I LOVED the Icelanders sagas. For a long time I was drawn to the attractively-bound paperback tome in Powell's, but I kept arguing with myself: would I actually read it? Did I really need a huge book of medieval Icelandic literature taking up shelf space? Wouldn't it just sit around on my to-be-read shelf and gather dust? Finally, I caved and bought it, and immediately devoured the entire thing in a voracious style usually reserved for Nancy Drew mysteries.
Most of the medieval or ancient literature I've read features very large-scale action, adventure of epic proportions. You've got Achilles and Odysseus enlisting the gods to help them battle their larger-than-life adversaries, Beowulf trudging out of the blood-spattered hall to slay great monsters and their mothers, or impossibly pure-hearted knights wooing sickeningly pure maidens. The Icelandic sagas have adventure too, and a good deal of trudging, and a fair amount of bloodshed, but there's something intriguingly domestic about them as well. They are about settlers to a forbidding new place, hardy men and women who claim homesteads and raise families in a climate even harsher than the one they left behind in Norway. Although much of the narrative is devoted to feuds between clans, which usually end up being settled by multiple murders, just as much space is taken up with the everyday lives of families, how hard-as-nails farmers gradually increased their wealth and made lives for themselves, showing proper hospitality with presents and feasts when neighbors or family members came to visit, how these farmers' equally tough wives bore them children and how these children gradually came of age as Icelanders. I love the contrast between the outlandish scenes of bloody battle, in which men with berserker blood shift into fierce monster-animals, and the proto-novelistic tales of everyday life. The Sagas portray the birth of a nation as the merging of these two contrasting elements (the outlandish and the domestic), which is a profound view of history that seems surprisingly contemporary.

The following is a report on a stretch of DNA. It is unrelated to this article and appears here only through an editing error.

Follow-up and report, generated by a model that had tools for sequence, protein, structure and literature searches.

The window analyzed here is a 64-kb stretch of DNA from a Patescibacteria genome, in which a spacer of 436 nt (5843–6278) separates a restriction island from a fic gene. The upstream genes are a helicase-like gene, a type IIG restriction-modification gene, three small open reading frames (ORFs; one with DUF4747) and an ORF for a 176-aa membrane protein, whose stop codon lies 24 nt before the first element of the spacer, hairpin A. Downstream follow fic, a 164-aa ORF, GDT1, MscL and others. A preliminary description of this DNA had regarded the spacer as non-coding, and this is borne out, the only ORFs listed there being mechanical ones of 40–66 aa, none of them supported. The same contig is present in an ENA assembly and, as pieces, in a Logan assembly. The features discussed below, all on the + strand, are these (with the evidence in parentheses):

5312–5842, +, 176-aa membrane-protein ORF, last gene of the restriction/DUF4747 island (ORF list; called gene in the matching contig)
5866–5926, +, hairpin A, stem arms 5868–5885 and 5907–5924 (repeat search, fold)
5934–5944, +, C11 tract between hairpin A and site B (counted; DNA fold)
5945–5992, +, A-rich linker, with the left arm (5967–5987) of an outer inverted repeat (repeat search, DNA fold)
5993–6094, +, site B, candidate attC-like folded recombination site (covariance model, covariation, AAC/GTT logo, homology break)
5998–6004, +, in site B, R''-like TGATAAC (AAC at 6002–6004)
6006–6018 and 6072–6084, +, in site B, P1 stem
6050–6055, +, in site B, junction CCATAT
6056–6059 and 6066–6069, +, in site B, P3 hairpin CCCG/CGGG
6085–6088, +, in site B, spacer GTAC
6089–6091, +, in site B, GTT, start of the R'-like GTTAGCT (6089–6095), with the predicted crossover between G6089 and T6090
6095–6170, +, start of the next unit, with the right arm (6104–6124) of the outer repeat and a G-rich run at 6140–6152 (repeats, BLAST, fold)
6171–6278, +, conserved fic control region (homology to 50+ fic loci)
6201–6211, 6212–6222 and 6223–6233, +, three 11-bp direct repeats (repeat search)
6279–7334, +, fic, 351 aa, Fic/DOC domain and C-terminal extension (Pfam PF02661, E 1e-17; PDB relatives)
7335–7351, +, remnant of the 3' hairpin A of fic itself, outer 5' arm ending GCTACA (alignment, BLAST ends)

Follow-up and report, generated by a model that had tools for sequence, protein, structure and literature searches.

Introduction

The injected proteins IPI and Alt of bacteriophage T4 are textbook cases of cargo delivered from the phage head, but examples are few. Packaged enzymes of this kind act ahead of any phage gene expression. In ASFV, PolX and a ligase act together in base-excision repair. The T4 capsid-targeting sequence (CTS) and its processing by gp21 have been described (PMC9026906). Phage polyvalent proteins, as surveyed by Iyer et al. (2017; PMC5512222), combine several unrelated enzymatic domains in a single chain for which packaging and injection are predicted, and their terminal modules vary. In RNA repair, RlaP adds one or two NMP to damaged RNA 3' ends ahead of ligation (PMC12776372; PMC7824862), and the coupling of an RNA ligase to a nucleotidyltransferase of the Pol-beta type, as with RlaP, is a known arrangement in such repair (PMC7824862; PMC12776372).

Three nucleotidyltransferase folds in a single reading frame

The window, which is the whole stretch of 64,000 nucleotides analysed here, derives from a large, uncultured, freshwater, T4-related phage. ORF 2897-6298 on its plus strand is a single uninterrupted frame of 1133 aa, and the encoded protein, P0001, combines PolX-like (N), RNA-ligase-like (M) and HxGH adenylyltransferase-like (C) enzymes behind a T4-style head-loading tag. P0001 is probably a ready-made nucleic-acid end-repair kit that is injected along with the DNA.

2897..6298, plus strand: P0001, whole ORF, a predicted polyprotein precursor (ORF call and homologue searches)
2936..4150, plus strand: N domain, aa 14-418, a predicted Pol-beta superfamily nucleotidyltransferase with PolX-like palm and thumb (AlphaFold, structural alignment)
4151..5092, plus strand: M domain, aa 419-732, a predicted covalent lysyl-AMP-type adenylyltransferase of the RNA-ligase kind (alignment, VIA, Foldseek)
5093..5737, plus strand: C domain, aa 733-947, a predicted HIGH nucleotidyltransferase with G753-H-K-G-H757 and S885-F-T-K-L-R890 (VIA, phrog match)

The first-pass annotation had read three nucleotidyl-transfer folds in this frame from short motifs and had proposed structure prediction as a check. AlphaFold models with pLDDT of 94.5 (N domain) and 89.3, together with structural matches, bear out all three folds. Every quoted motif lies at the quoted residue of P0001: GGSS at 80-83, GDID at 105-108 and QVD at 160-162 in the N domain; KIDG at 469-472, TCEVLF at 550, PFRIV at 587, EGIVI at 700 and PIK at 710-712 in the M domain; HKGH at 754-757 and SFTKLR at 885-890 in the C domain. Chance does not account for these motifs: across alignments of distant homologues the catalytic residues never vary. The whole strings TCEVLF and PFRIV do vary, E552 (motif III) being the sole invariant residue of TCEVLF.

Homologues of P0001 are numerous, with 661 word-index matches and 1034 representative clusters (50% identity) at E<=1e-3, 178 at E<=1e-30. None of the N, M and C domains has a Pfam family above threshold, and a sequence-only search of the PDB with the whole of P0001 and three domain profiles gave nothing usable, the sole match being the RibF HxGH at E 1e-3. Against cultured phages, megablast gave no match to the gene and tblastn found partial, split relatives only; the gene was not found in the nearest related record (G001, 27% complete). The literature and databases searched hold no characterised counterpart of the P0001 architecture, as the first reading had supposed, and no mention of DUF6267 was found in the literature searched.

The characters, in some cases, are more dynamic than any other medieval literature I've read, starting out as Norwegians who claim they would never emigrate to "that god-forsaken fishing hole," but ending up as Icelanders with lives and roots on the island. Whatever they are, it is never near-divine heroes or rose-scented virgins, just strong, flawed people doing their best given the circumstances. Gender roles are also surprising at times, as some of the fiercest and most warlike characters are women. (Not that "warlike" is objectively better than more traditionally feminine qualities, but it's nice to be surprised sometimes.) In addition, whether it's because of my Norwegian ancestry or my kinship to the novelistic form and the history of the everyday, these stories seemed oddly familiar to me, despite the gap of 800 years and as many miles separating me from their composition.
And, of course, there is the fact that nearly all the men in these stories have "Thor" somewhere in their names, which should win points for them if nothing else does. Who wouldn't want to read about Thorstein's travels with his brother Thorgrim and son-in-laws Thorarin and Thorkel? I ask you.